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Grizzly bears, black bears, wolves, coyotes, cougars/ mountain lions,bobcats, wolverines, lynx, foxes, fishers and martens are the suite of carnivores that originally inhabited North America after the Pleistocene extinctions. This site invites research, commentary, point/counterpoint on that suite of native animals (predator and prey) that inhabited The Americas circa 1500-at the initial point of European exploration and subsequent colonization. Landscape ecology, journal accounts of explorers and frontiersmen, genetic evaluations of museum animals, peer reviewed 20th and 21st century research on various aspects of our "Wild America" as well as subjective commentary from expert and layman alike. All of the above being revealed and discussed with the underlying goal of one day seeing our Continent rewilded.....Where big enough swaths of open space exist with connective corridors to other large forest, meadow, mountain, valley, prairie, desert and chaparral wildlands.....Thereby enabling all of our historic fauna, including man, to live in a sustainable and healthy environment. - Blogger Rick

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Tuesday, July 26, 2016

Sometime in late Fall of this year, West Virgina will introduce Elk back into its woodlands, with some 150 transplants the seeding of what is hoped to become a viable sustaining herd..........So apparent in its oversight is the non-discussion of simultaneously also re-introducing the Puma and Red Wolf to the "Mountain State, the ancient and beneficial dance partners of the Elk,,,,,,,,,,,,,,These "predator-partners would make both the Elk and the White-Tail Deer something more than what they are now in West Virginia(and the whole of the Appalachian Spine)—"oversized cows with horns"............... When you rewild herbivores, you must simultaneously introduce their predators so as to create an equilibrium paradigm in the particular biome of re-introduction............I go once again(often on this blog) to our great 20th century naturalist Aldo Leopold who eloquently opined about the need for all the "cogs and wheels" to be present in the environment-------“The last word in ignorance is the man who says of an animal or plant, "What good is it?" ......."If the land mechanism as a whole is good, then every part is good, whether we understand it or not".............. "If the biota, in the course of aeons, has built something we like but do not understand, then who but a fool would discard seemingly useless parts?"............ To keep every cog and wheel is the first precaution of intelligent tinkering.” ― Aldo Leopold, Round River: From the Journals of Aldo Leopold............... “We reached the old wolf in time to watch a fierce green fire dying in her eyes"........... "I realized then, and have known ever since, that there was something new to me in those eyes – something known only to her and to the mountain"............ "I was young then, and full of trigger-itch"..........."I thought that because fewer wolves meant more deer, that no wolves would mean hunters’ paradise"............. "But after seeing the green fire die, I sensed that neither the wolf nor the mountain agreed with such a view” ― Aldo Leopold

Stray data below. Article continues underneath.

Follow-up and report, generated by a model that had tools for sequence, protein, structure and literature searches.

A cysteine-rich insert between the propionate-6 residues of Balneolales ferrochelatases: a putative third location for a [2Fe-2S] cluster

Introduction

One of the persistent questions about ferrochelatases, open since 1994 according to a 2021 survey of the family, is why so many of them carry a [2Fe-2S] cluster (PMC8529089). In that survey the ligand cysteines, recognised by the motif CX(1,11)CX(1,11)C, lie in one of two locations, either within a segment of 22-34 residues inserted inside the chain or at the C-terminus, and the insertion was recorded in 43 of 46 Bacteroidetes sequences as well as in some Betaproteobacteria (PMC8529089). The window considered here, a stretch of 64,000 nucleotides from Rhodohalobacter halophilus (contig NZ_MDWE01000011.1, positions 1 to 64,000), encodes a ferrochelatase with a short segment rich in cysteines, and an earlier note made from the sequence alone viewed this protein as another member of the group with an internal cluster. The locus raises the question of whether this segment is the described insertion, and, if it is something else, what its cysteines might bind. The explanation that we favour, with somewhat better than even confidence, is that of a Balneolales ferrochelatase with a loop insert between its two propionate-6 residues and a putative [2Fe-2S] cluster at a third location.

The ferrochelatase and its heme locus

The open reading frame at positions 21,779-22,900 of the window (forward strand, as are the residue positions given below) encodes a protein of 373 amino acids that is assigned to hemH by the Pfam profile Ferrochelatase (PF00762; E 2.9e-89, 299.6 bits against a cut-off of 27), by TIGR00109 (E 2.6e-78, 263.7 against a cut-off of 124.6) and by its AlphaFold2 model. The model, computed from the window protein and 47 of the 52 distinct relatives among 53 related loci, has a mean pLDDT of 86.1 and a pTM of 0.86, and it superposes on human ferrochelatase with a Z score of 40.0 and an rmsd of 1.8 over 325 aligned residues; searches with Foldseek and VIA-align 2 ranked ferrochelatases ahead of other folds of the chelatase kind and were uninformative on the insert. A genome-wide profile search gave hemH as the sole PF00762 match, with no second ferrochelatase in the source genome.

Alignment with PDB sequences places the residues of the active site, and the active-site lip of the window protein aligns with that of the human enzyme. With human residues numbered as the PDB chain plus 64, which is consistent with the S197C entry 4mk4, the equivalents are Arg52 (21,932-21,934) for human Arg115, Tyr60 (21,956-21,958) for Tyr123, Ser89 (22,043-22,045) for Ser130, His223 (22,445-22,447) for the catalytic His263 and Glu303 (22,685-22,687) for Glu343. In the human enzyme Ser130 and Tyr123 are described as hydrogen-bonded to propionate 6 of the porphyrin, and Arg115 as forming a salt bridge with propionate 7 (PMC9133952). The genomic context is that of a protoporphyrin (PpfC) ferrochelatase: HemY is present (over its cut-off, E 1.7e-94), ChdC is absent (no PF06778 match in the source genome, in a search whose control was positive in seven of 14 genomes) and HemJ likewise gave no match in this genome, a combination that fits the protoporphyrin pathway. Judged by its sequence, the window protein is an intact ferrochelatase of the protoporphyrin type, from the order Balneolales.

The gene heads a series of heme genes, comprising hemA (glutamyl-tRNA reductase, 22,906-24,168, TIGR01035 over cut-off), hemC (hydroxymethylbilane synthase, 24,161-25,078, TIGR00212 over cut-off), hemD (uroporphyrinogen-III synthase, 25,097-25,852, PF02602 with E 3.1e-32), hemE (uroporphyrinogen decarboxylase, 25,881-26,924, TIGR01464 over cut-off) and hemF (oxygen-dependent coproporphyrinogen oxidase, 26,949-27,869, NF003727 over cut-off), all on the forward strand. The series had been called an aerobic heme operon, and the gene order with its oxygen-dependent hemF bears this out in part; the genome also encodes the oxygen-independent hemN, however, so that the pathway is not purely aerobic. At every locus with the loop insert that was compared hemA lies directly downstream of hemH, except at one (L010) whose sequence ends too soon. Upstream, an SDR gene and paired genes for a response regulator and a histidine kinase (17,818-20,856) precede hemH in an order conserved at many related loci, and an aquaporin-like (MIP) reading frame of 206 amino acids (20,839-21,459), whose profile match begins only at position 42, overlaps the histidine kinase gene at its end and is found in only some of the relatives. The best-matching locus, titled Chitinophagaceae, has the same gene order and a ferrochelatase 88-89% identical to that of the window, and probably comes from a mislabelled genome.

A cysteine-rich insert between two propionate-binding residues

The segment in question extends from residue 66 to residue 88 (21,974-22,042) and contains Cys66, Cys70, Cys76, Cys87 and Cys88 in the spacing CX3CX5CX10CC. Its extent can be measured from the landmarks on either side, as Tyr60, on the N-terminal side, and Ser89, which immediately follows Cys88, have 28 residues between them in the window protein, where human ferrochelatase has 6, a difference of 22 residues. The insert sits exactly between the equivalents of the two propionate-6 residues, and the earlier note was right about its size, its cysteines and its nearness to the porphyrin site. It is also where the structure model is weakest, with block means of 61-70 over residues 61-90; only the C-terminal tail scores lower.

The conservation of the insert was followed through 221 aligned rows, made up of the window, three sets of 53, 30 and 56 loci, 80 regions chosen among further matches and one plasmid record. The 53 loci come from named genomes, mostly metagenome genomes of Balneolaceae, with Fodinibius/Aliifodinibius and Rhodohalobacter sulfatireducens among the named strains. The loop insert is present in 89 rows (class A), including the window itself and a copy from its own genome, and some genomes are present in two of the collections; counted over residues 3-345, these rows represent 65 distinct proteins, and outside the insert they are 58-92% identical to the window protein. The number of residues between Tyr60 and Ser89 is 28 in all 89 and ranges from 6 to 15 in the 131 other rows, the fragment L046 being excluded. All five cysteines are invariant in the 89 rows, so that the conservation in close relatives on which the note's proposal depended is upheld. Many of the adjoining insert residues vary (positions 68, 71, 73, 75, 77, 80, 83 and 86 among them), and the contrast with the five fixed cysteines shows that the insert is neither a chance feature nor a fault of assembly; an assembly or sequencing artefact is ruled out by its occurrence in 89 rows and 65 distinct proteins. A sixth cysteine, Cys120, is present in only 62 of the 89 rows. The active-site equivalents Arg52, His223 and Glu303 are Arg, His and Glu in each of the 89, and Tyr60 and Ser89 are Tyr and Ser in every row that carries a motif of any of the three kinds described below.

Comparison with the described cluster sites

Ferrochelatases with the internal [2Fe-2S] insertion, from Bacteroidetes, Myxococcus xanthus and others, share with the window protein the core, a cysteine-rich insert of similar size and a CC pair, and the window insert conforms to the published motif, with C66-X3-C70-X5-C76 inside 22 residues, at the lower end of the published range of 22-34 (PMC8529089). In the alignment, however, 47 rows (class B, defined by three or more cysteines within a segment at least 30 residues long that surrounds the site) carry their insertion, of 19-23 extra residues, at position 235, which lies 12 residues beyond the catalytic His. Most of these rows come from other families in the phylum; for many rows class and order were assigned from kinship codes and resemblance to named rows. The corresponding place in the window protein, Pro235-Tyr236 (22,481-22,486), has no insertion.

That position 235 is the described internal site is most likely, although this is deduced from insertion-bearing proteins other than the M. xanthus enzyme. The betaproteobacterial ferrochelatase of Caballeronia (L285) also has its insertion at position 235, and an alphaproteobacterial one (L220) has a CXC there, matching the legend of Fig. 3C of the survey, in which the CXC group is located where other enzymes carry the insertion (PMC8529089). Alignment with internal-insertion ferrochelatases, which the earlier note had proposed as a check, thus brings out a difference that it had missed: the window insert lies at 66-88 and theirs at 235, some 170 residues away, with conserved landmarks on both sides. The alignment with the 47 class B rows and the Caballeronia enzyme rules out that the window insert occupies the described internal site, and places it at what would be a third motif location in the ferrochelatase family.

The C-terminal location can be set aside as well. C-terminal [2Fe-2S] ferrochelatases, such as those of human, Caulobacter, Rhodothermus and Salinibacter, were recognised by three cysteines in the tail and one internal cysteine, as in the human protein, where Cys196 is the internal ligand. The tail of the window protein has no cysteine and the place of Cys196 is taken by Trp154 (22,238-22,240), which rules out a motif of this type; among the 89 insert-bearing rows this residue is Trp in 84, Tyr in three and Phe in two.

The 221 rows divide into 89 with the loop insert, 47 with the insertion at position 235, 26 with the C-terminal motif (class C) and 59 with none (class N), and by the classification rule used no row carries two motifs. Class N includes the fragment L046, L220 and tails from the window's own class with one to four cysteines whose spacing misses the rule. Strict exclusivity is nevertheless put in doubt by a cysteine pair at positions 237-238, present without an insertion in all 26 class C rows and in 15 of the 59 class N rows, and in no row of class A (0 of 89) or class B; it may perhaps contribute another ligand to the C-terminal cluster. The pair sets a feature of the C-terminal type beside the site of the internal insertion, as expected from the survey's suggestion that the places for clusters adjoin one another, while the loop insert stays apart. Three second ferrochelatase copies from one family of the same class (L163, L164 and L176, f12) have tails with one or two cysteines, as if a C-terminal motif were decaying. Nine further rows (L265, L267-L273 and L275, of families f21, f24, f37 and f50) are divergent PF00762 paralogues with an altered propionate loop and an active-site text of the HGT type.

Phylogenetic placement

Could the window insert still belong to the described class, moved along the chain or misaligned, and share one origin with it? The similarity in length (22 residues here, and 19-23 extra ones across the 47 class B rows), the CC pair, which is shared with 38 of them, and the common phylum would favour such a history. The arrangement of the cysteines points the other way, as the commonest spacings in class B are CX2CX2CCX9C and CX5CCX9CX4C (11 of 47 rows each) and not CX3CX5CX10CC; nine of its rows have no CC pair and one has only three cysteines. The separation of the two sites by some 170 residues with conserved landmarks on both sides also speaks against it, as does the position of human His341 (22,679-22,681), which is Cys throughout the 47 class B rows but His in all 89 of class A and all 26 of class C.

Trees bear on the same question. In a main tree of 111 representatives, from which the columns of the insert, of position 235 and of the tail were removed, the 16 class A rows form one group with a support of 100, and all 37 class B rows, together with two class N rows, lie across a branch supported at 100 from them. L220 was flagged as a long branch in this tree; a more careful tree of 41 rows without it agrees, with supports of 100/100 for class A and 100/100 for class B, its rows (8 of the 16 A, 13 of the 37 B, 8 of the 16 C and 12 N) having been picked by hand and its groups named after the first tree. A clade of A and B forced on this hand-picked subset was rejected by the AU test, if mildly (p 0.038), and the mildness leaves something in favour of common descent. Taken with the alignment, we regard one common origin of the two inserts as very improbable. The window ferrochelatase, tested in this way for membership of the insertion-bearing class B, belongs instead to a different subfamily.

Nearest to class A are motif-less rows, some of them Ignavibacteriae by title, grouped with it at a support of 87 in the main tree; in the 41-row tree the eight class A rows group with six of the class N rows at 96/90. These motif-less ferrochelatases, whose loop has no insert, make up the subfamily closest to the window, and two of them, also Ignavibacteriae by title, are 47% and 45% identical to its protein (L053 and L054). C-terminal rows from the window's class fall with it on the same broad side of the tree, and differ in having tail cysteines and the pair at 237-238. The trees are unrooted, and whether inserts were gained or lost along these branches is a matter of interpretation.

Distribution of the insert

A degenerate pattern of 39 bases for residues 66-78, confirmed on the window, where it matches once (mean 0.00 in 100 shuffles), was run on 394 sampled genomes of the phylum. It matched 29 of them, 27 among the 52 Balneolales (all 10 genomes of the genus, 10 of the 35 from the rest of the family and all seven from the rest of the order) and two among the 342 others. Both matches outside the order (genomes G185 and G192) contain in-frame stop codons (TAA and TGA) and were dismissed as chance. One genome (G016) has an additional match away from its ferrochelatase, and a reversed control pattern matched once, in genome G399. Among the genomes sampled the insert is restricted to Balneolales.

Return of the Elk

By Roger Wolfe -

The return of the majestic elk is getting closer
The much anticipated return of the fabled, and long absent, wapiti is getting closer. In just a few short months the Mountain State should see its first transplants released and once again calling the hills and hollows home.
The process has been agonizingly slow for most sportsmen who are waiting with baited breath to catch their first sight of the regal elk roaming free on this side of the Tug Fork River. An undertaking such as reintroducing a long forgotten species is not a task to be taken lightly, nor is it something to be rushed.